Psalm 77:1-9; Numbers 32:28-33:9; Luke 2:33-40

Psalm 77:1-9:  God seems to be silent once again as the psalmist calls out in distress: “My voice to God—let me cry out. My voice to God—and hearken to me.” (2) He is distraught beyond measure; tears flow freely: My eye flows at night, it will not stop. I refused to be consoled.” (3) and there is no consolation.  God’s absence has robbed him of sleep: “You held open my eyelids. I throbbed and could not speak.” (5)

Memory provides scant comfort as “I ponder the days of yore, 6 the years long gone. I call to mind my song in the night.” (6) For there is no greater woe than to feel we have been abandoned by God: “Will the Master forever abandon me, 8 and never again look with favor?” (7) Then the accusations, “Has God forgotten to show grace, has He closed off in wrath His compassion?” (10) 

When we are in close relationship with God; when, as Oswald Chambers insists, we have abandoned ourselves to Christ, we feel separated and alone, there is no greater sorrow.  There is little question in my mind, and it is communicated again and again in the Psalms, that hell is not eternal punishment; it is eternal separation from God.  The psalmist evokes the agony of separation in these first verses.  Tears do not console; memory does not console.  Abandonment seems to be the only fate.  Can we be brought any lower?

Numbers 32:28-33:9:  The Reubenites and Gadites want to setts east of Jordan in the most desperate way.  And Moses promises that if they join the rest of Israel in crossing the Jordan and fight to conquer the Canaanites, that territory will be their reward.  But if not, ”they shall find holdings in your midst in the land of Canaan.” (32:31)

The Reubenites and Gadites eagerly comply and before crossing they feverishly embark on a substantial building campaign: sheep enclosures and entire towns. In addition, the sons of Machir, son of Manasseh “went to the Gilead and captured it and dispossessed the Amorite who was in it.” (32:39).  Then other sons of Manasseh capture other towns.  The towns are renamed, presumably because their names were pagan, although the authors drily note that  one of them, Nobah, actually names a town after himself.  

These all seem to be a dress rehearsal for the Canaanite battles to come.  While Numbers does not record it, we assume that the former inhabitants of these towns were wiped out completely.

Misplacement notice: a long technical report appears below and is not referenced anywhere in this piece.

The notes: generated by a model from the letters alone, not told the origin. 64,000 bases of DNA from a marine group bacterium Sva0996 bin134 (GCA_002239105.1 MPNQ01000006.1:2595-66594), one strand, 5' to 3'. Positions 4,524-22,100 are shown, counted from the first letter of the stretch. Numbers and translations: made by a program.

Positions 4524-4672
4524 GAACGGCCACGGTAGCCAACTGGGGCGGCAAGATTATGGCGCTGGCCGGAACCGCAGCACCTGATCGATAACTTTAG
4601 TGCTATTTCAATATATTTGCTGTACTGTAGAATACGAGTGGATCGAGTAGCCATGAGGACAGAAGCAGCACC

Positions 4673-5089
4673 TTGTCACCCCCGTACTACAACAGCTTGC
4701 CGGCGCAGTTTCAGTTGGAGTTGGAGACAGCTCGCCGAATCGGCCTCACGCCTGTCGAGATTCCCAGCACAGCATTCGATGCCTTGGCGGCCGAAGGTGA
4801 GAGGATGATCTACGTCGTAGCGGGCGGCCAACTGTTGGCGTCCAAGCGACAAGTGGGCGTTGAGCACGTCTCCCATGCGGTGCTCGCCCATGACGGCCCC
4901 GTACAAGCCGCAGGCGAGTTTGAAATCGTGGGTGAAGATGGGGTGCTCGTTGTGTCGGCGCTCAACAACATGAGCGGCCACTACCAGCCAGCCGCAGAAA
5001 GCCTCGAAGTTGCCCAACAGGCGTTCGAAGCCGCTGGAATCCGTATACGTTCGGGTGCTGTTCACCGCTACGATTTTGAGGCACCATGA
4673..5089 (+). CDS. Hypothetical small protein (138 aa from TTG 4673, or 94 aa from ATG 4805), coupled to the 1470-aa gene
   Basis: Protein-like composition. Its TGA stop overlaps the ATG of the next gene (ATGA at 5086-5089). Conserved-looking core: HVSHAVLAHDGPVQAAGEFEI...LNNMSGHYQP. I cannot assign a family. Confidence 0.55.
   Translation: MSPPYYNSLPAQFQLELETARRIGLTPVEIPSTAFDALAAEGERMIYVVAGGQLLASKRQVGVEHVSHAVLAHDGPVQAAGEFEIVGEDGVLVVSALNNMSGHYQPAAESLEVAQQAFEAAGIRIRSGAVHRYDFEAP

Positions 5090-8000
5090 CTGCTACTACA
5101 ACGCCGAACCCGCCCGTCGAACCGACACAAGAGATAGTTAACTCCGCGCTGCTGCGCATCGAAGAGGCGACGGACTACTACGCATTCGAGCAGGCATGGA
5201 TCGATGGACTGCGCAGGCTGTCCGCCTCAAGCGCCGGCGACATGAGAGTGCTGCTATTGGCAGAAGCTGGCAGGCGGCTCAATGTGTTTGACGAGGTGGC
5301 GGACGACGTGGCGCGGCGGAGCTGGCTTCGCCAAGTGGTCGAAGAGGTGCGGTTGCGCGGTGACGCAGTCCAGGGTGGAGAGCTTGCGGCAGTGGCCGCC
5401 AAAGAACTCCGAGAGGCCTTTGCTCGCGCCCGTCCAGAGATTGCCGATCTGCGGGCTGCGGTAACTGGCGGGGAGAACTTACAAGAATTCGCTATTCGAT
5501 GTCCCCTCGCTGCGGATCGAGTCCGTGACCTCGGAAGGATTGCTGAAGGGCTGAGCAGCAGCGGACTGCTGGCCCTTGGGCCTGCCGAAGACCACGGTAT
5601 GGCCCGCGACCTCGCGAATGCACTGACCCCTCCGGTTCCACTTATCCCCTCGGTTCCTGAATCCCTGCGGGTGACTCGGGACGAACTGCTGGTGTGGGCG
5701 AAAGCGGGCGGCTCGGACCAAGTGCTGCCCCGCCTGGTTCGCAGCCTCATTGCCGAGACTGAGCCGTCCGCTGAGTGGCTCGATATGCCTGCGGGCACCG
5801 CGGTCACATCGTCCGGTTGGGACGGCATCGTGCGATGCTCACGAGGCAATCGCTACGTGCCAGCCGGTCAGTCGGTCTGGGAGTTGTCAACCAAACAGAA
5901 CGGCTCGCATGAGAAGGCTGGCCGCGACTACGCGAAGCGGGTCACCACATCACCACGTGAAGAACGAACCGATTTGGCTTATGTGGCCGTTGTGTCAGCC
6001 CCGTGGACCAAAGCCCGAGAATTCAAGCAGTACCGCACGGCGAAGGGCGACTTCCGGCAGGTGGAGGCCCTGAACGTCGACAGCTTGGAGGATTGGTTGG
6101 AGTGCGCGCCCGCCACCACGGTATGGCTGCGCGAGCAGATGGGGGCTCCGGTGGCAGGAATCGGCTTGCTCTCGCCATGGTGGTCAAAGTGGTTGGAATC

Continuing its role as the enumerator of statistics and facts, Numbers lists all the stopping places of Israel during their 40-year peregrinations in the wilderness.  One wonders why this is important to the story. I think that the place names again emphasize this is actual historical record, not a fairy tale—since a million or so people wandering in the desert for 40 years could otherwise stretch credulity.  Also, it demonstrates how God is firmly entrenched in history, in real places and real times.  Unlike the pagans that surrounded them who viewed history (if they viewed it at all) as cyclical, Israel’s story—and God’s story—unrolls linearly across time.  There is a beginning and there will be an end.

God may exist outside of time, but the arrow of time is one of God’s great gifts to us: that we live in the present, in the here and now.  Yesterday is but an unalterable memory; tomorrow is no more than an estimation. Yet, we try too often to live in both when today is what life is all about. For those of us who have started our mortality in the face, today is God’s great gift.

Luke 2:33-40:  Simeon’s song has a significant effect on Mary and Joseph because this is the first time they’ve heard another human being tell them the same thing the angel said: “And the child’s father and mother were amazed at what was being said about him.” (33).  But Simeon also delivers less-than-wonderful news: their son would “be a sign that will be opposed so that the inner thoughts of many will be revealed—and a sword will pierce your own soul too.”  His ministry—especially his dialogs with the Pharisees— was the exemplar of Jesus’ knowing and understanding what the Pharisees and other leaders were really thinking behind their words.  But not many of us, and certainly not the Pharisees, are always happy about having our inner thoughts revealed.  What secrets we want to preserve in our hearts.  Jesus knows all of them and yet we are still loved!

Simeon’s last words to Mary point directly to the cross. Anna, permanent Temple resident, also recognizes Jesus’ unique nature and I’m sure she was great succor to Mary, especially after hearing Simeon’s final words. 

Luke, in his brief summary of Jesus’ early boyhood, “The child grew and became strong, filled with wisdom; and the favor of God was upon him.” (40), at once says everything but omits so many tantalizing details we would love to know.  Luke, in his authorial wisdom, leaves out the details that could too easily be a distraction from his message of Jesus’ adult ministry.  It is sufficient that we know Jesus grew both physically and in wisdom. We must be satisfied with the little he tells us.

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